Disaster Triage START and SAVE


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Disaster Triage START and SAVE

  1. 1. DISASTER TRIAGE: S.T.A.R.T. & S.A.V.E. Carl H. Schultz, MD Professor of Emergency Medicine UC Irvine School of Medicine
  2. 2. Carl Spengler, MD 3 rd Year EM Resident Oklahoma City Bombing <ul><li>“… We never saw a child come out of the federal building alive. At one point, a group of people began screaming for me. A firefighter had brought out a little girl who was still breathing. People were preparing intravenous fluids, and a paramedic was getting the intubation equipment together. The crowd was screaming for the doctors to work on the child. </li></ul>
  3. 3. Nature of Triage… <ul><li>I finally yelled for everybody to be quiet and calm down. As I assessed the little girl, it was obvious that she had catastrophic head and chest injuries and that there was nothing left to save. I told a paramedic to wrap up the child in a blanket and do nothing. Several bystanders became emotionally decompensated and screamed, ‘You bastard!’ As I walked off, several people continued to curse me in the worst possible fashion. Unfortunately, that is the nature of triage”. </li></ul>
  4. 4. Goal of Disaster Triage <ul><li>Do the greatest good for the greatest number of casualties </li></ul>
  5. 5. Triage Origin <ul><li>From the French verb, t r i e r , “to sort” </li></ul><ul><li>Napoleon’s time, to assign treatment priorities with limited resources </li></ul><ul><li>Attention given first to most salvageable with most urgent conditions – get them back into battle </li></ul>
  6. 6. Does Triage Work? <ul><li>Lessons from history </li></ul><ul><li>Scene control </li></ul><ul><ul><li>Convergence behavior </li></ul></ul>
  7. 7. Key Concepts <ul><li>Resources are limited </li></ul><ul><ul><li>Supplies </li></ul></ul><ul><ul><li>Personnel </li></ul></ul><ul><li>Time for evacuation unknown or prolonged (the cavalry isn’t coming any time soon) </li></ul><ul><ul><li>Only austere field interventions are available </li></ul></ul>
  8. 8. Triage Practices <ul><li>Traditional </li></ul><ul><ul><li>Static, single point in time </li></ul></ul><ul><ul><li>Triage tags frequently used </li></ul></ul><ul><ul><li>Few patients </li></ul></ul><ul><li>Disaster </li></ul><ul><ul><li>Dynamic, multiple points in time </li></ul></ul><ul><ul><li>Documentation needs may exceed triage tag capacity </li></ul></ul><ul><ul><li>Large patient numbers </li></ul></ul>
  9. 9. Triage Practices <ul><li>Traditional </li></ul><ul><ul><li>Scoop and run </li></ul></ul><ul><ul><li>Designed to work within existing EMS </li></ul></ul><ul><li>Disaster </li></ul><ul><ul><li>Secondary exam and treatment performed </li></ul></ul><ul><ul><li>Assumes nonfunctional EMS system </li></ul></ul>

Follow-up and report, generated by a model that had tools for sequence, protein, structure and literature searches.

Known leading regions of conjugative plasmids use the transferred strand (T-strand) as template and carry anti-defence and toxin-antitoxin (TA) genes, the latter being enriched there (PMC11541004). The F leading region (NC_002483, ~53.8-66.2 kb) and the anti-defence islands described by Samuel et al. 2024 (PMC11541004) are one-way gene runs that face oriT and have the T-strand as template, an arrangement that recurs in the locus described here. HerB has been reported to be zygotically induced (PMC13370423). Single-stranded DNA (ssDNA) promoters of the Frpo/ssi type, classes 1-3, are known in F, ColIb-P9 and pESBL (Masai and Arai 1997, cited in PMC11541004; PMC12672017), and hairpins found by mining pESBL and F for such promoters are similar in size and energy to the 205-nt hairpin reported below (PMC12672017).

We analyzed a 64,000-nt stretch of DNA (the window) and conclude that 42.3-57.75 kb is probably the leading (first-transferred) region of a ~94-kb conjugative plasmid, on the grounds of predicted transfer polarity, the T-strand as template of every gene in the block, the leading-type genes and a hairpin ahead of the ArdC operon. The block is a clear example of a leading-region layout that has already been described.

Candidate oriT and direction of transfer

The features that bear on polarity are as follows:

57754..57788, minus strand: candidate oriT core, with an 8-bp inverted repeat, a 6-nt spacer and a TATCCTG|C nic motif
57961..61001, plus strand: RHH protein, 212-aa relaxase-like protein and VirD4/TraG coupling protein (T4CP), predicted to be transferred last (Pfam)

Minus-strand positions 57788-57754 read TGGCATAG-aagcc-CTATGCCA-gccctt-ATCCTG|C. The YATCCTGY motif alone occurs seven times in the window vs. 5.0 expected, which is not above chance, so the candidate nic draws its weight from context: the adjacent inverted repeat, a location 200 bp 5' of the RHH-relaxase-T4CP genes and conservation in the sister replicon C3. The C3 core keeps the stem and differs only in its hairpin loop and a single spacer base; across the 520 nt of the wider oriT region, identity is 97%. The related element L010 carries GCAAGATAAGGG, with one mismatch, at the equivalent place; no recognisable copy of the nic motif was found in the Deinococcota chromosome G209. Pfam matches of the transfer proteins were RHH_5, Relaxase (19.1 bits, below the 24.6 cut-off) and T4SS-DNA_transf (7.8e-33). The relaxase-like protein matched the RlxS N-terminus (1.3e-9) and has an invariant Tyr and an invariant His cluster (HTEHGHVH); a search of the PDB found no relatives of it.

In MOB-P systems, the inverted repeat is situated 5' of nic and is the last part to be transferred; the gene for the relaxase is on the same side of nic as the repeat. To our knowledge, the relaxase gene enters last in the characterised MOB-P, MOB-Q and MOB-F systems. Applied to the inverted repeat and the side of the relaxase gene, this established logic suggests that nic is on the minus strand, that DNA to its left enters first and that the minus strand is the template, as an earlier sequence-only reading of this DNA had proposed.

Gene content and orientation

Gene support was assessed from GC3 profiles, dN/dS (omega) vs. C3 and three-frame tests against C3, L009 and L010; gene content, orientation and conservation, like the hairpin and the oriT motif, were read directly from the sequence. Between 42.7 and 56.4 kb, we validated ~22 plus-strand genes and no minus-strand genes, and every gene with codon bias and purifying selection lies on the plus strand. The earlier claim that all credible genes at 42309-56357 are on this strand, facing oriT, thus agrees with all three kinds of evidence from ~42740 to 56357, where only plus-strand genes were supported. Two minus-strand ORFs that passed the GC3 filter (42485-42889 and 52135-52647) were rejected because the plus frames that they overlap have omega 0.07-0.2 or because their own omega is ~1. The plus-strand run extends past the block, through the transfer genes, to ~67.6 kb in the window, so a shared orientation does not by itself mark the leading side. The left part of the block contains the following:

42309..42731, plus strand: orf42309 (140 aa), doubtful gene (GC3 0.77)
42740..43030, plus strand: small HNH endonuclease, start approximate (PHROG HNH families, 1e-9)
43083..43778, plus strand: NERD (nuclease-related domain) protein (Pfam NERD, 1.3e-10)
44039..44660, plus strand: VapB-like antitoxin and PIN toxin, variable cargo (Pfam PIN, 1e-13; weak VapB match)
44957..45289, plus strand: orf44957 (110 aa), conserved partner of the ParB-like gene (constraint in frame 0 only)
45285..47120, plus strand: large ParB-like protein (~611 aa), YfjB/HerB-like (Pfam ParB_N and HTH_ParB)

10. 10. Triage Practices <ul><li>Traditional </li></ul><ul><ul><li>Used for localized disaster scenes </li></ul></ul><ul><ul><li>Dependent on communications and transportation </li></ul></ul><ul><li>Disaster </li></ul><ul><ul><li>Used for wide-spread disaster scenes </li></ul></ul><ul><ul><li>Does not depend on communication and less on transportation </li></ul></ul>
  11. 11. Patient Categories <ul><li>1. Those who will die no matter what </li></ul><ul><li>2. Those who will do well no matter what we do </li></ul><ul><li>Those who will derive long-term benefit from acute intervention </li></ul><ul><li>Early identification of #3 important </li></ul><ul><ul><li>Others benefit from comfort care </li></ul></ul>
  12. 12. START Triage <ul><li>Simple Triage and Rapid Treatment </li></ul><ul><li>Designed to be performed by first responders (paramedics) </li></ul><ul><li>Assumes personnel under a great deal of stress </li></ul>
  13. 13. START Triage <ul><li>Rapid method to perform INITIAL triage </li></ul><ul><li>Utilizes respiratory rate, palpable pulse, and mental status (ability to follow commands) </li></ul><ul><li>Begins by asking all that can walk to move away from triage officer </li></ul><ul><li>Assess using START those that remain </li></ul>
  14. 14. START Triage <ul><li>GREEN: those who are able to get up and walk away </li></ul><ul><li>RED: those with respiratory compromise (require airway assistance or have a respiratory rate  30), no palpable pulse at the wrist (but are breathing), or unable to follow commands </li></ul><ul><li>YELLOW: those who are not red but can’t walk </li></ul><ul><li>BLACK: dead </li></ul>
  15. 15. Modified START
  16. 16. SAVE Triage <ul><li>Secondary Assessment of Victim Endpoint </li></ul><ul><li>All patients with at least a 50% chance of survival using available resources get care </li></ul><ul><ul><li>Patient assessed by SAVE methodology in order of priority determined by START </li></ul></ul>